Brave’s search engine lets you customize your results

Brave Search has launched a new feature that gives you a way to create or apply custom filters that change the way results are ranked. It’s called “Goggles”, and it can potentially help uncover sources you may not immediately find on traditional search engines like Google.

Brave has some demos ready for users to try today, including those that prioritize posts from smaller tech blogs and filter out posts from the 1,000 most viewed sites on the web. There’s even a Goggle to exclude posts from Pinterest – because Brave clearly knows the frustration of trying to find a picture and getting a Pinterest post without a source. Brave says these Goggles are for demonstration purposes only and developers may expand or discard them. It will start deleting these goggles when users start inventing on their own, but I hope Pinterest continues.

While Brave says that its engine, which is independent of devices like Google and Bing, “does not have editorial biases”, it does not change the fact that there are biases in the nature of things in all algorithms. Goggles are meant to alleviate this and essentially let you help shape what these imbalances are.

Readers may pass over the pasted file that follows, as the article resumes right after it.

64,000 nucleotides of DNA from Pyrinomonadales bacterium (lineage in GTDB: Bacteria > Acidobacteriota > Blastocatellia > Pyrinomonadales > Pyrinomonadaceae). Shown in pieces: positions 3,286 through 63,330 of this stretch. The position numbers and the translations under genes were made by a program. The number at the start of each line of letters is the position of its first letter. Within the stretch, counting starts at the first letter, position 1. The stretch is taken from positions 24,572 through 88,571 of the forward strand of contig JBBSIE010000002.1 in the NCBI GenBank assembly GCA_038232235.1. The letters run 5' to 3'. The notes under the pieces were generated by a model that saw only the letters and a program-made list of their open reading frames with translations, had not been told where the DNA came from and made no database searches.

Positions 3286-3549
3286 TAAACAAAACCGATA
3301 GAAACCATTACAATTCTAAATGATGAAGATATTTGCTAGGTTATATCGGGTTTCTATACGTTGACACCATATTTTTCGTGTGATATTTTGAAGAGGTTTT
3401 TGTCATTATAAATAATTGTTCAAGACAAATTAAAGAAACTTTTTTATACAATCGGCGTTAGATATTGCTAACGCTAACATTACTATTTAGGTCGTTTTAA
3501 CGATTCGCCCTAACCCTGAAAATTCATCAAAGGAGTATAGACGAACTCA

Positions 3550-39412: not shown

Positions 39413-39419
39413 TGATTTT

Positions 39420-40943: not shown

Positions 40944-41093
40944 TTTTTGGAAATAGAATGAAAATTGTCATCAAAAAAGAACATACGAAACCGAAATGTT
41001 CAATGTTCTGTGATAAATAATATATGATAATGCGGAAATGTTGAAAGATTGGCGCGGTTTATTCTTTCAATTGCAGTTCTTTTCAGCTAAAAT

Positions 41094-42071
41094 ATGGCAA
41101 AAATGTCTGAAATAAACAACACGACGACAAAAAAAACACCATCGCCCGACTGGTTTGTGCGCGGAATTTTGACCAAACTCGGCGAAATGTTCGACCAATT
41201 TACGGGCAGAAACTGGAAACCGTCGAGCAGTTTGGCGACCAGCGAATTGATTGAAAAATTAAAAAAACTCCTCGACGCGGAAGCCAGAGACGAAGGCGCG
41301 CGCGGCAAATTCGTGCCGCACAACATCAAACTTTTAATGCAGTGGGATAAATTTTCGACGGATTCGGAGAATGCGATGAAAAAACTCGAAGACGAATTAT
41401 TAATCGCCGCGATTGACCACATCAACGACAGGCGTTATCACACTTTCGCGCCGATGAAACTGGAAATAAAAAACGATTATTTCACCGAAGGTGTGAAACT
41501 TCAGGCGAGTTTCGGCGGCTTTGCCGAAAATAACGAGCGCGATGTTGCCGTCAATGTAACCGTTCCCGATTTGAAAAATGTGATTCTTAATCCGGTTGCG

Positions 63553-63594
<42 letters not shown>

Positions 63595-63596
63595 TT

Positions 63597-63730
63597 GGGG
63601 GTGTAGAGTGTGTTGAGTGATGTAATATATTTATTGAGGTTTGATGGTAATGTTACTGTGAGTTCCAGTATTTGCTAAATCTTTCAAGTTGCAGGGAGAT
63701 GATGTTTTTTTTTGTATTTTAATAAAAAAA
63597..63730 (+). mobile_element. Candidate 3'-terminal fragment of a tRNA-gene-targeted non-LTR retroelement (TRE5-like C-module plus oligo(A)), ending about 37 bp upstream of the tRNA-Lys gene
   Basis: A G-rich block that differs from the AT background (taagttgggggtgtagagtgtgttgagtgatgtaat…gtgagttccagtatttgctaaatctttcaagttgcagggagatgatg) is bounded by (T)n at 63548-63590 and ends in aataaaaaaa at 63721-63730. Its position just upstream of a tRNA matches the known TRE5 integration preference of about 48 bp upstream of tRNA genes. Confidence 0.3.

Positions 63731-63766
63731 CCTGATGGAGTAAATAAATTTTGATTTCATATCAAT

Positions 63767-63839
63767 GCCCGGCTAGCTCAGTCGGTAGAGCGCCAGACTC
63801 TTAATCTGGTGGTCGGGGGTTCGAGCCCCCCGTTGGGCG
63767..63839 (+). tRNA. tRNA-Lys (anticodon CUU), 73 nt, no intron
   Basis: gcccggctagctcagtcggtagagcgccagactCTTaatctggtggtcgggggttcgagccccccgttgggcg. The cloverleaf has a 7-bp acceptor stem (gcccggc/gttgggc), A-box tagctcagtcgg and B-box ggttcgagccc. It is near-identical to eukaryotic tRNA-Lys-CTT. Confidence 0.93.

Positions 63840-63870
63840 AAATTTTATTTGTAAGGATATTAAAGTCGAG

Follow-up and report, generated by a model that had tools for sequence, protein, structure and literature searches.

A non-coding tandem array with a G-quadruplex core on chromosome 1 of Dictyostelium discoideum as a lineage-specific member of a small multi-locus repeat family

Brave’s “tech blog” Goggles works surprisingly well.

After trying the feature for myself, I was impressed with how well it actually works. I searched for “AirPods Pro review” with the “Tech blogs” filter turned on and a lot of independent blogs showed up – The edge was nowhere to be found. To compare, I searched the same thing on Google and saw it The edge appeared on the first page of results.

But I was a little disappointed to find that creating your own Goggles is not as easy as I thought – here I thought you could turn on a lot of filters or just enter your own keywords. Well, it turns out that there is some coding involved; developers can read up on the tool on GitHub. So far, I’m just waiting until someone comes up with a Goggle that lets me only see articles from satirical sources.

In addition to launching Goggles, Brave also announced that its search engine is out of beta and that it has already seen 2.5 billion searches within the past year. Brave is fast becoming the search engine’s Swiss Army knife (at least in my opinion). It rolled out a new discussion feature in April that began eliminating the need for users to add “Reddit” to the end of their searches – it now shows Reddit results for relevant queries.